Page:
IT MAY sound obvious but start by talking directly to your neighbours – it may be that they simply don’t realise how much the sound is travelling or that their dog is barking the whole time they are out.
There are ways to do this; plan what you are going to say, and always stay calm and polite.
Choose the right time
If the issue is noisy parties, it’s probably not a good idea to go round mid-party after they’ve had a few drinks, wait until it’s over and then talk about it.
Remind them that you have children or need to get up for work and ask them to let you know about a party in advance or to turn the sound down after a certain time.
What if the problem continues?
If you can’t come to an amicable agreement, you need to contact your Unit Welfare Officer (UWO) and DIO for assistance.
Make sure that you have a record of nuisance behaviour – dates, times, duration and the effect it had on you – eg kept you awake until 4am or you couldn’t hear your TV over theirs.
Keep a note of all the names of people you have spoken to, a brief synopsis of what was discussed and copies of all letters.
If necessary you can contact Environmental Health to record the noise levels. If at any time you feel that you are being threatened or illegal behaviour is occurring you should call the police.
Your UWO could act as a mediator to sort things out but if this doesn’t work you may need to get your chain of command to liaise with the HASC, which might result in you or the other family being moved.
Who do you go to for help if you are living next to civilians?
Try to resolve it yourself and keep your UWO informed. You can get in touch with your local council, their landlord (if they have one) or contact the community police for advice.
Attend community meetings from time to time in your area.
Being a good neighbour
What should you do if YOU are approached about YOUR noise levels?
Always listen to them. You might be taken aback as it could be the first time that you have heard that there’s an issue, but try to stay calm and polite.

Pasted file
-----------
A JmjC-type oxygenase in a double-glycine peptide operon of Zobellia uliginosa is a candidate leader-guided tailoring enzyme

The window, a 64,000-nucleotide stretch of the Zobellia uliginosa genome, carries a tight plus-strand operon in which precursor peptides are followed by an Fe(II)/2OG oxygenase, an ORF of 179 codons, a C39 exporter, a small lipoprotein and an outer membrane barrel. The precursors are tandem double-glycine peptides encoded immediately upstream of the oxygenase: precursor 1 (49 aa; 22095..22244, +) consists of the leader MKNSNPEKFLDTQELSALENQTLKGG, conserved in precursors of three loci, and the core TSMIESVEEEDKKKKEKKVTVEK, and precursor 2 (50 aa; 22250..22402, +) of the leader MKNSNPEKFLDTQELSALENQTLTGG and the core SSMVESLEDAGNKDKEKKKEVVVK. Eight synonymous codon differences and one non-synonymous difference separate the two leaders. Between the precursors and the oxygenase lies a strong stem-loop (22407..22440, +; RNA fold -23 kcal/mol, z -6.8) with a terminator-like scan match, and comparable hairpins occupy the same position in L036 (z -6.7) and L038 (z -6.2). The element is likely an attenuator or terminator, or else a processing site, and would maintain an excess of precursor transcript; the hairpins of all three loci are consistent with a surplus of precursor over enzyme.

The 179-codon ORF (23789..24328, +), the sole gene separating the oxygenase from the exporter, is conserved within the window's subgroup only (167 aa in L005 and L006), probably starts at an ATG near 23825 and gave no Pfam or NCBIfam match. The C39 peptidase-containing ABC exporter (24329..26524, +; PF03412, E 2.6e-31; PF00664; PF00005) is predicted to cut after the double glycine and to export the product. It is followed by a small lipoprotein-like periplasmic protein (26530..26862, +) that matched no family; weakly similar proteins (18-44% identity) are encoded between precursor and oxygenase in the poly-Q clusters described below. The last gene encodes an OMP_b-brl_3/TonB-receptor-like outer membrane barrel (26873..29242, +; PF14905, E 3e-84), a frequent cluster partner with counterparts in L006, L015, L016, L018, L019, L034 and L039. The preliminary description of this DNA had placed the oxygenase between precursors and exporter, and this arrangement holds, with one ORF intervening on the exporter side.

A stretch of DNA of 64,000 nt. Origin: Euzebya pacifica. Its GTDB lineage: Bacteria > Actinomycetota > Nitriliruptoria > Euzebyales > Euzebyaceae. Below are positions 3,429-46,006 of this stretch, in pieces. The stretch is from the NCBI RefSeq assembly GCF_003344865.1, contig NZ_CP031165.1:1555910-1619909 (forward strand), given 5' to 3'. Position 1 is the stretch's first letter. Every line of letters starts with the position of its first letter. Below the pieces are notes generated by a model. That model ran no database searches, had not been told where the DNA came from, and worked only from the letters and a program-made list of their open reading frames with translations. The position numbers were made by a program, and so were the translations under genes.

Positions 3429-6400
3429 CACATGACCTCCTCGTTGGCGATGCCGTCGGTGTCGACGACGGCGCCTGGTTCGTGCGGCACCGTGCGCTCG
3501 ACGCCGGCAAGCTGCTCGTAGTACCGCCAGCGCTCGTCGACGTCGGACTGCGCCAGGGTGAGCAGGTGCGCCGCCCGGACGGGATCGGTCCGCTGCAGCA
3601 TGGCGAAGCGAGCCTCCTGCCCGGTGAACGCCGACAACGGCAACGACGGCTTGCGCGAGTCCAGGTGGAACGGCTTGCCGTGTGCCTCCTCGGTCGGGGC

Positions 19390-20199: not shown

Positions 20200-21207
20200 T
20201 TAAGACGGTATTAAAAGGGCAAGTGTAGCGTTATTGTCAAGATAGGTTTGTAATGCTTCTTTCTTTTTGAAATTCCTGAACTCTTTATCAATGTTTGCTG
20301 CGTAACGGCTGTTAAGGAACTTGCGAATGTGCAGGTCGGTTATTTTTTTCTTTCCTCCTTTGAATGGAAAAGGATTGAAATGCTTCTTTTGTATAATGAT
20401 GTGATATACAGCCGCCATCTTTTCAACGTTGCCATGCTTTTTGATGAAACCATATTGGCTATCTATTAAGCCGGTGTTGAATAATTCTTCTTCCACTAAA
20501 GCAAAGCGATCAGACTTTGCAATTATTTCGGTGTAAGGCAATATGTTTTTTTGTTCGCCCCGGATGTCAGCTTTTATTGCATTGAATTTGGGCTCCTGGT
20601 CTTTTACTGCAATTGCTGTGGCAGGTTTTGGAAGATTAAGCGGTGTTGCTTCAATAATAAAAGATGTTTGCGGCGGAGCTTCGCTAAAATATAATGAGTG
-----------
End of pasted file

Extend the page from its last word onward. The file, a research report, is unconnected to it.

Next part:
Try to see the problem from their point of view and how you would feel if it was happening to you.
If your dog barks all day when you are out think of ways to prevent this – get a dog walker or leave the radio on if that calms them down; go next door to listen to how loud your TV or music is in their house and think about turning the volume down later in the evening.
If you’re having a party, it’s courteous to let your neighbours know in advance.
Remember that under the terms of your licence to occupy an SFA, you have agreed that:
- You must not racially, sexually or in any other way, harass your neighbours or cause a nuisance or annoyance or allow members of your household, invited guests or pets to cause a nuisance or annoyance to any neighbours
- You must not make or allow members of your household, invited guests or pets to make any noise that causes a nuisance to your neighbours between 11pm and 8am.
If the terms of the licence are breached it is DIO’s right to terminate it. If you’re having issues on this topic, contact me at firstname.lastname@example.org
- DIO/CarillionAmey (0800 707 6000)
- Contact your UWO via your soldier’s unit
- For environmental health, contact your local authority
- Citizens Advice